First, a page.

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I would have given it 4 or maybe even 5 stars then. It may have been the first novel depicting the effects of time dilation when traveling in interstellar space at near the speed of light. Silverberg wrote a similar story in called Starman's Quest.
The premise I was born in and have been reading SF most of my life but somehow I missed this novel until just now. The premise is that when men travel to the stars at near light speed a much greater amount of time takes place on the earth they left than they actually experience on the voyage. This presents the problem of going on a 3 month trip to a distant star and having years pass by on earth when they return.
Things have changed to much to Earth society for the voyagers to adapt to and now they are trapped into making more and more trips. In the context of when this was originally serialized in Astounding it was very innovative and well written. I would consider it to be one of the best Sf novels of The book seems dated now although the treatment of the central theme still holds up.
There are the usual problems of projecting 's social mores and descriptions of technology thousands of years in the future being limited by what science knew in Hubbard was very knowledgeable about the known science of his day concerning this topic and that's what would have made it an exceptional read in the early 50's.
The aspect that I probably enjoyed the least was the attitude that people could only learn things through harsh and deceptive means and I wasn't completely happy with Corday accepting the methods of Jocelyn in a sort of "the ends justifies the means" way at the end.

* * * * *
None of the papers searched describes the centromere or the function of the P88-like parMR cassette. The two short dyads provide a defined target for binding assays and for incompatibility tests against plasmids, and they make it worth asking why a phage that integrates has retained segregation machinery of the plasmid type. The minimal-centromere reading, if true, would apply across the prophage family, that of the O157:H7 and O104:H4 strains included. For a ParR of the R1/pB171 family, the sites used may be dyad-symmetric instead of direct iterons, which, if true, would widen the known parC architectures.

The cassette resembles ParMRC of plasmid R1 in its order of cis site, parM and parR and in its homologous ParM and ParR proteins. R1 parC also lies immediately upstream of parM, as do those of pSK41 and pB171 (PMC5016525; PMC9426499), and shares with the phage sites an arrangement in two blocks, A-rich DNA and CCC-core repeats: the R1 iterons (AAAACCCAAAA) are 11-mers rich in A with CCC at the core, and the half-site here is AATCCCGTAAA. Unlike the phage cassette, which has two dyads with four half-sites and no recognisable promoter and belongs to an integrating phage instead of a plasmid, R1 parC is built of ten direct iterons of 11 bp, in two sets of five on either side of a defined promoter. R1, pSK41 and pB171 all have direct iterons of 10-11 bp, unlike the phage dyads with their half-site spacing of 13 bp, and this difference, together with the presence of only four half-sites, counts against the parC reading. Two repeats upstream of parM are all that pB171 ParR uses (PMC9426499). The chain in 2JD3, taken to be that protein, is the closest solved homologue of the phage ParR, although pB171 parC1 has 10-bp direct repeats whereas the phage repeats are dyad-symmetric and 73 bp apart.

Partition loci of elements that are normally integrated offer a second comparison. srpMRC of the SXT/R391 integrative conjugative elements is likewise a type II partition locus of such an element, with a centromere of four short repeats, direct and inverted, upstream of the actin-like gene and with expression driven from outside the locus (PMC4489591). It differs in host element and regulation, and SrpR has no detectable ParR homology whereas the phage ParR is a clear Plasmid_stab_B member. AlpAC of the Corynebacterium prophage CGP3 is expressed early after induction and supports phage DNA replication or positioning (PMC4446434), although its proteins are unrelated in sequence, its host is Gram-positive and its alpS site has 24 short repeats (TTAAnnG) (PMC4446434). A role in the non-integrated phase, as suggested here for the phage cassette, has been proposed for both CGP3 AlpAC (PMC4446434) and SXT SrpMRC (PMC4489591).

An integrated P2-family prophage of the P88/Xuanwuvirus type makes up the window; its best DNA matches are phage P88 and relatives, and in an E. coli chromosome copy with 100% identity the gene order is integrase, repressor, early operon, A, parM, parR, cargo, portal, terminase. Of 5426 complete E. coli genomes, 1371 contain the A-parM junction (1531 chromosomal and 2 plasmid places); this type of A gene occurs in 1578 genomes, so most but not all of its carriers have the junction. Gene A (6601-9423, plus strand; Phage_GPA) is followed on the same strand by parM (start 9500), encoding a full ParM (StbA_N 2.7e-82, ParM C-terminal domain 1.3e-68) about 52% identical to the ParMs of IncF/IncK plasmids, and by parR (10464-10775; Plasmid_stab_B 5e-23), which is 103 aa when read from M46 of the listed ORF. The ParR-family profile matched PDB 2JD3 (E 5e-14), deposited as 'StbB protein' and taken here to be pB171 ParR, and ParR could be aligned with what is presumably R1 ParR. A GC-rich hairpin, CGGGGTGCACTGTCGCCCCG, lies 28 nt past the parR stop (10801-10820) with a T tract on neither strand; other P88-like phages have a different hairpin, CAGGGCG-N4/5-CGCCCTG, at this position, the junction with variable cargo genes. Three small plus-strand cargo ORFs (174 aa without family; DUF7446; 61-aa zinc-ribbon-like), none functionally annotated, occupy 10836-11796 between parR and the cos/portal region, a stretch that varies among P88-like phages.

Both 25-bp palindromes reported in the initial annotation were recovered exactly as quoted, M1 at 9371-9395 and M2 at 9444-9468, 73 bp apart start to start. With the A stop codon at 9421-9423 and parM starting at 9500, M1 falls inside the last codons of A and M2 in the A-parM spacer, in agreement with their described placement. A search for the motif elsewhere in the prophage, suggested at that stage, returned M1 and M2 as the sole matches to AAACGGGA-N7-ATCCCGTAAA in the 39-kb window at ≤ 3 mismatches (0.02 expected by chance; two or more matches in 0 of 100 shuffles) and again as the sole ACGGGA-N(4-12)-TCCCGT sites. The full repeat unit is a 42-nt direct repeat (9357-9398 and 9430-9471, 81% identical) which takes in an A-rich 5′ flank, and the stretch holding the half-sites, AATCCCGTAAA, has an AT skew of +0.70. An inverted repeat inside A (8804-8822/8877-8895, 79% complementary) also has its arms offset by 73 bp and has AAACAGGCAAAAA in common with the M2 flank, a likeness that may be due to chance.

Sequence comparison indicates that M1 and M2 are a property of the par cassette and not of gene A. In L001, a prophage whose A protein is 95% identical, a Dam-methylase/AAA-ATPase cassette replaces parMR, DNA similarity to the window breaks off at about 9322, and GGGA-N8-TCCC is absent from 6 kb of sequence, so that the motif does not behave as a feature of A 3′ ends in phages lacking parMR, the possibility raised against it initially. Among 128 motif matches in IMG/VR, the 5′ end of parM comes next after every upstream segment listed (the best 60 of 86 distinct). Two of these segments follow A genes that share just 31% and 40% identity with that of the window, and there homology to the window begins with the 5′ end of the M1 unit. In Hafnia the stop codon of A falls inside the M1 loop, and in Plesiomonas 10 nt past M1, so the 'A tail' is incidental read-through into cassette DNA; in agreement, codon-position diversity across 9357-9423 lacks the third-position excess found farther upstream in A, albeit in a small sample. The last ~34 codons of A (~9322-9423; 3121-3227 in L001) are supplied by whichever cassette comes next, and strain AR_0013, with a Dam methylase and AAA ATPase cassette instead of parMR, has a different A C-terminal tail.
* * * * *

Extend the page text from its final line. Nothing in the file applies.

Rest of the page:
The book presented a rather glum view of how society on Earth would change and adapt over many centuries. I've avoided L Ron Hubbard for ages. Scientology I guess?
Being the blog of Charles Stross, author.
I love old science fiction, so I don't get my avoidance of Hubbard I have a friend. He gave me Heinlein years ago and got me hooked. Recently he tossed a handful of books at me and Return to Tomorrow was in the mix. Doug hasn't ever really steered me wrong before It seemed like I should probably just read the book. So I did.
To the Stars
And I liked it a lot. I f I've avoided L Ron Hubbard for ages. I found this take on space travel fascinating. Usually it's all adventure and amazing marvels You can't go back! I loved the return trips to Earth and Alan finding it in various scenarios except for that first return Poor mad Chica. The suggestion that people might one day travel to the Moon inside a flying machine was first put forward seriously by John Wilkins in There had been cosmic voyages prior to that date, and there were to be many more thereafter see Fantastic Voyages ; Space Flight , but few took the mechanics of the journey seriously enough to invest much imaginative effort in the design of credible vehicles.
Edgar Allan Poe 's "The Unparalleled Adventure of One Hans Pfaall" June Southern Literary Messenger ; rev has an afterword complaining about the failure of other writers to achieve verisimilitude, but Pfaall makes his journey by Balloon , and Poe's assumption of the continuity of the atmosphere — a full two centuries after Torricelli had concluded that the Earth's atmosphere could extend upwards for only a few miles — is hardly scientific.
Because their means of propulsion were so often mysterious, spaceships in this period could easily assume the "perfect" spheroid shape of the heavenly bodies themselves; a notable example is in Robert Cromie 's A Plunge into Space When not round or bullet-shaped they tended to resemble flying submarines. Spaceships were taken up in a big way by the early sf Pulp magazines, and their visual image was dramatically changed.
Frank R Paul and other contemporary illustrators see Illustration showed a strong preference for bulbous machines like enormously bloated aeroplanes or rounded-off oceangoing liners with long rows of portholes. These were often shown with jets of flame or vapour gushing out behind, but this was as much to suggest speed as to indicate that the means of propulsion involved might be one or more Rockets ; similarly, the slow process whereby hulls became streamlined and elegant fins appeared corresponded less to any realization of the importance of rocket-power than to the development of sleeker automobiles in the real world.